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Constitution Restoration Act of 2005

  1. Apr 5, 2005 #1

    cronxeh

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    http://thomas.loc.gov/cgi-bin/query/z?c109:S.520:

    Sec. 1260. Matters not reviewable
    SEC. 101. APPELLATE JURISDICTION.

    (a) Amendment to Title 28- Chapter 81 of title 28, United States Code, is amended by adding at the end the following:

    `Notwithstanding any other provision of this chapter, the Supreme Court shall not have jurisdiction to review, by appeal, writ of certiorari, or otherwise, any matter to the extent that relief is sought against an entity of Federal, State, or local government, or against an officer or agent of Federal, State, or local government (whether or not acting in official or personal capacity), concerning that entity's, officer's, or agent's acknowledgment of God as the sovereign source of law, liberty, or government.'.

    (b) Table of Sections- The table of sections at the beginning of chapter 81 of title 28, United States Code, is amended by adding at the end the following:

    `1260. Matters not reviewable.'.




    -------------
    Essentilly Congress wants to put a limit on what Supreme Courts can have power over, and this in essence opens the doors for public display of ten commandments, praying in schools, etc -- on local, state, and federal levels!!
     
    Last edited: Apr 5, 2005
  2. jcsd
  3. Apr 5, 2005 #2
    Lions, tigers, bears, oh my! Who cares? Congress has the Constitutional authority to establish jurisdiction of the courts. Few if any people genuinely care whether prayer in school or displays of the ten commandments are permitted. Get the matter out of the courts and the only people who'll give a damn are the village atheists. Quite frankly, I'm looking forward to this issue being relegated to the Internet forums where it belongs.

    Rev Prez
     
    Last edited: Apr 5, 2005
  4. Apr 5, 2005 #3

    cronxeh

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    This is the exact reason why I care - so that nut jobs like you dont get their way.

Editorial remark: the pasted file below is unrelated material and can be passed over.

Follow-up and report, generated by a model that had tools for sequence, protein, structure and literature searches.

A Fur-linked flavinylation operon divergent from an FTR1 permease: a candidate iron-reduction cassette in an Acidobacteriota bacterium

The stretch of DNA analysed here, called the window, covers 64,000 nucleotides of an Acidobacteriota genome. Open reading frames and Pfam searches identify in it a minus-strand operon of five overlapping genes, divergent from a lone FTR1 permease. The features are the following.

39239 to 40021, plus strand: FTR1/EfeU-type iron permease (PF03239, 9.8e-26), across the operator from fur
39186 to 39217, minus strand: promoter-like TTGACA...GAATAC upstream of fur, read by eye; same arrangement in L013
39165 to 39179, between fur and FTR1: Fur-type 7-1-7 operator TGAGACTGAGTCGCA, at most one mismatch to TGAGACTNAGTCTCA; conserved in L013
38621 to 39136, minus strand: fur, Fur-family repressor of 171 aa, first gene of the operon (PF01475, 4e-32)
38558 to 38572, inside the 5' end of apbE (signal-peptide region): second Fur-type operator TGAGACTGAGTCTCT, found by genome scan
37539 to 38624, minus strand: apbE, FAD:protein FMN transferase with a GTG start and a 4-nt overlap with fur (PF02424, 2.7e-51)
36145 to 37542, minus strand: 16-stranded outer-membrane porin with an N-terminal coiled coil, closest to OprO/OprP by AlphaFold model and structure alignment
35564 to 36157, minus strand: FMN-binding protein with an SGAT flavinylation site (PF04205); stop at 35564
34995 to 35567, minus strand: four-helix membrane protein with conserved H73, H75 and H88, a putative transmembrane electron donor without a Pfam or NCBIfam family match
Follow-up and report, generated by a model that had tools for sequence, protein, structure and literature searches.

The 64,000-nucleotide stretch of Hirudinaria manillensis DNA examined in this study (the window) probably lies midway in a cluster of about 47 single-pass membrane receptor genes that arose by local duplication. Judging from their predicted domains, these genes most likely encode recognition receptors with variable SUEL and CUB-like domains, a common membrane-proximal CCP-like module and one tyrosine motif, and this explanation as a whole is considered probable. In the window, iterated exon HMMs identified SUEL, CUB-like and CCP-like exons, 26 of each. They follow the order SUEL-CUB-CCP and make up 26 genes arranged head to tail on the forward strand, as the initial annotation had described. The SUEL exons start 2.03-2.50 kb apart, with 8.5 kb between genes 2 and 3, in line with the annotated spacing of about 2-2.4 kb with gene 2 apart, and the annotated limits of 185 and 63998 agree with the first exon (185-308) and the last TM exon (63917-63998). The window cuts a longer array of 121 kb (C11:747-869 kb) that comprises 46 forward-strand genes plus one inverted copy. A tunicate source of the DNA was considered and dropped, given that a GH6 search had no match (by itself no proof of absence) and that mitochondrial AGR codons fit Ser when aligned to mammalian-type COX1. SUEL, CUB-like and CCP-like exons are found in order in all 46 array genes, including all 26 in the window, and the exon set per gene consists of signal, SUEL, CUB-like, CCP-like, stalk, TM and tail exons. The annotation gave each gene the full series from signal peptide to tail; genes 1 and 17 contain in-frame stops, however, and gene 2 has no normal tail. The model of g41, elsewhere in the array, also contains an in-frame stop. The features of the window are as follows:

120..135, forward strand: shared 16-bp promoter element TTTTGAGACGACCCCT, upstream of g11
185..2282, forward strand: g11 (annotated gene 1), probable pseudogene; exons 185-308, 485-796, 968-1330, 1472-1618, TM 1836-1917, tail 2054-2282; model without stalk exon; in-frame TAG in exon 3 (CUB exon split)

5. Apr 5, 2005 #4

    russ_watters

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    [edit:misread] Funny, funny bill: Unconstitutional at face value. It may as well say it in the body text: 'The purpose of this bill is unConstitutional...'
    Well, all courts except the USSC, and within the limits of the Constitution. The USSC's jurisdiction is enumerated in the Constitution.
     
    Last edited: Apr 5, 2005
  6. Apr 5, 2005 #5

    SOS2008

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    Really? I’d like to see some “math" on this too.
    From the thread on separation of church and state, per Wikipedia:
    You seem to be of this "school of thought." (Do you have a “God Bless America” bumper sticker, or similar gear? I do informal surveys--just wondering…)
     
  7. Apr 5, 2005 #6

    loseyourname

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    Take out "entity's" and I really don't have any problem with this bill. In that case, it only says that any individual is granted the right to believe that God is the authority from which our laws are derived without the fear of restitution from the Supreme Court. Adding in "entities," however, does seem to leave open the possibility of government agencies officially recognizing a theistic basis of law. Even then, I don't know if the Ten Commandments plaques would be allowable, as they still violate the establishment clause in that they claim a Christian basis of US law, which this bill says nothing about.
     
    Last edited: Apr 5, 2005
  8. Apr 5, 2005 #7

    kat

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    you really need to stop attacking people who post here. Just because they don't agree with your line of thought does not give you the right to make personal attacks. I'm quite sure it's against forum rules. :mad:
    I wouldn't normally say anything, but you seem to be making it a bit of a habit lately.